How the National Debt Contributes to Inflation

When the supply of money in the economy is larger than the supply of goods and services, that oversupply can reduce money’s purchasing power and raise prices. Remember the supply shortages during the pandemic – for example, the cost of new and used cars? The ripple effects are still being felt. When that happens, central banks may need to tighten monetary policy to control inflation. One way to do that is to raise interest rates, which reduces lending.

National debt can also contribute to inflation if the government finances its debt by printing more money. But this is rare—most governments don’t directly fund their debt through money creation, but instead through issuing bonds and borrowing from the public.

How National Debt Affects Job Opportunities

It’s complicated. High levels of national debt can potentially lead to higher taxes and higher interest rates, both of which are bad for business investment and job growth. There are lots of factors that go into job creation, though.

Again, just because the national debt goes up doesn’t mean that jobs will go down.

How National Debt Affects the US Dollar

You might wonder if the national debt affects the value of the money in your wallet. It’s possible, but it’s also not straightforward—with lots of factors in play. Here are a few possible ways the dollar can be affected.

  • If investors become concerned about the government’s ability to manage its debt and they sell off their holdings, that can reduce the value of the U.S. dollar as compared to other currencies.
  • If the US debt is perceived as unsustainable, that could raise concerns about future inflation. Inflation reduces the purchasing power of a currency and leads to its value depreciating. If investors think this will happen to the dollar, they could sell, which would depress its value.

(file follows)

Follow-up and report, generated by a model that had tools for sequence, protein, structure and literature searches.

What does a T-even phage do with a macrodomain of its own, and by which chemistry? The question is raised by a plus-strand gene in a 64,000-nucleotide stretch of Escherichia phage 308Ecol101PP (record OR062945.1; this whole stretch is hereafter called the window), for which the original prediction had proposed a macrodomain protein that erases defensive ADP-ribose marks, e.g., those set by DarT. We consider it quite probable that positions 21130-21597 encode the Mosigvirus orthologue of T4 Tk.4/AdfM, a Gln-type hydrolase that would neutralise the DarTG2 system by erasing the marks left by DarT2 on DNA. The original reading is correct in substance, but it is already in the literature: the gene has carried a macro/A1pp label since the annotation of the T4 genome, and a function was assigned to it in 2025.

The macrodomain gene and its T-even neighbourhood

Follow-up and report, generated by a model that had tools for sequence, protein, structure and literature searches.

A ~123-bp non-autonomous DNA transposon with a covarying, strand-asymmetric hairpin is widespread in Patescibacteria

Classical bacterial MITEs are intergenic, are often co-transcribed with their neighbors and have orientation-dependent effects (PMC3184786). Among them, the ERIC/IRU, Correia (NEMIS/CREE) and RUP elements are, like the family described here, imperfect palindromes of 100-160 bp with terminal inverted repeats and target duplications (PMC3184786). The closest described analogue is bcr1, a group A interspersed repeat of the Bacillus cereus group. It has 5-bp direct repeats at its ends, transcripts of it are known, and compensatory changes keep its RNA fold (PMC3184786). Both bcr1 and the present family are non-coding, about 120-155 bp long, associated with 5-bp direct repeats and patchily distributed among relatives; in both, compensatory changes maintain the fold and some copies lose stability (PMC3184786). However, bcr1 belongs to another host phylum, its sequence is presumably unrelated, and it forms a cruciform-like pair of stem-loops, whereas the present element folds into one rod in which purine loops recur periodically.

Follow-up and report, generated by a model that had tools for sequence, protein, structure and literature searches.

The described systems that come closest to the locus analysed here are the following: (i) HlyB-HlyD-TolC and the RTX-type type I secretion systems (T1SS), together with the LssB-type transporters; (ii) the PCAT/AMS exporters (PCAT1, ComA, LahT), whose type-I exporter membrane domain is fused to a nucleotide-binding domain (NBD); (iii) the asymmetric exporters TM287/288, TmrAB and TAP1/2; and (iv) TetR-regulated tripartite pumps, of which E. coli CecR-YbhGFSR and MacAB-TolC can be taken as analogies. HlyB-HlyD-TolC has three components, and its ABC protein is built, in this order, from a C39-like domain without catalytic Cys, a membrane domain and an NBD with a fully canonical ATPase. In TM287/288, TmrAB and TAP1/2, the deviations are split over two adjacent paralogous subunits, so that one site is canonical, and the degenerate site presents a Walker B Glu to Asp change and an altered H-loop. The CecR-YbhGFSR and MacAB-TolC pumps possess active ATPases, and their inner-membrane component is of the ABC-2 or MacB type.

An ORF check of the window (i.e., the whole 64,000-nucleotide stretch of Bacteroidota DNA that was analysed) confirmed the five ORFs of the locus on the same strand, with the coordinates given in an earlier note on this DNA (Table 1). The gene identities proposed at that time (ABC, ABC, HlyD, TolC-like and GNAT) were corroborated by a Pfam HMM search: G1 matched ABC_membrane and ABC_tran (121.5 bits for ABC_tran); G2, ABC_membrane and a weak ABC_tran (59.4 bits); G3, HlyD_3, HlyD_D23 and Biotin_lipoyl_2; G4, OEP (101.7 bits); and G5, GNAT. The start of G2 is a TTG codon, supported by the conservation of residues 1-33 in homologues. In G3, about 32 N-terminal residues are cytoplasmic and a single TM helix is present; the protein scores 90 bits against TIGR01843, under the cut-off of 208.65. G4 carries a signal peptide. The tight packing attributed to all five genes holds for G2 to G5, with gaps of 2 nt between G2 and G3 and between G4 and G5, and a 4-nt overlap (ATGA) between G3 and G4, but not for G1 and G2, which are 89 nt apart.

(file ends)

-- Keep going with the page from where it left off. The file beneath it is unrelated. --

• Increased borrowing often leads to increased interest rates, which have a higher return for investors. In this scenario, higher interest rates could actually make the dollar more attractive, potentially increasing its value.

But national economies are very complex, and a rising national debt is certainly not the only factor affecting the value of the US dollar.

The Bottom Line on National Debt

Reducing the national debt is complicated because the government pays for important services for people. It can’t just slash programs and services without considering the wellbeing of its citizens. Policy choices have to balance debt reduction and economic growth against meeting its essential government responsibilities.

For many people, rising interest rates make it harder to afford even the necessities. If you feel overwhelmed by debt and other expenses, we can help. MMI offers free and confidential financial counseling available 24/7 online and over the phone. Let an expert help you make the most of your money.

Tagged in Debt strategies

Jesse Campbell photo.

Jesse Campbell is the Content Manager at MMI, with over ten years of experience creating valuable educational materials that help families through everyday and extraordinary financial challenges.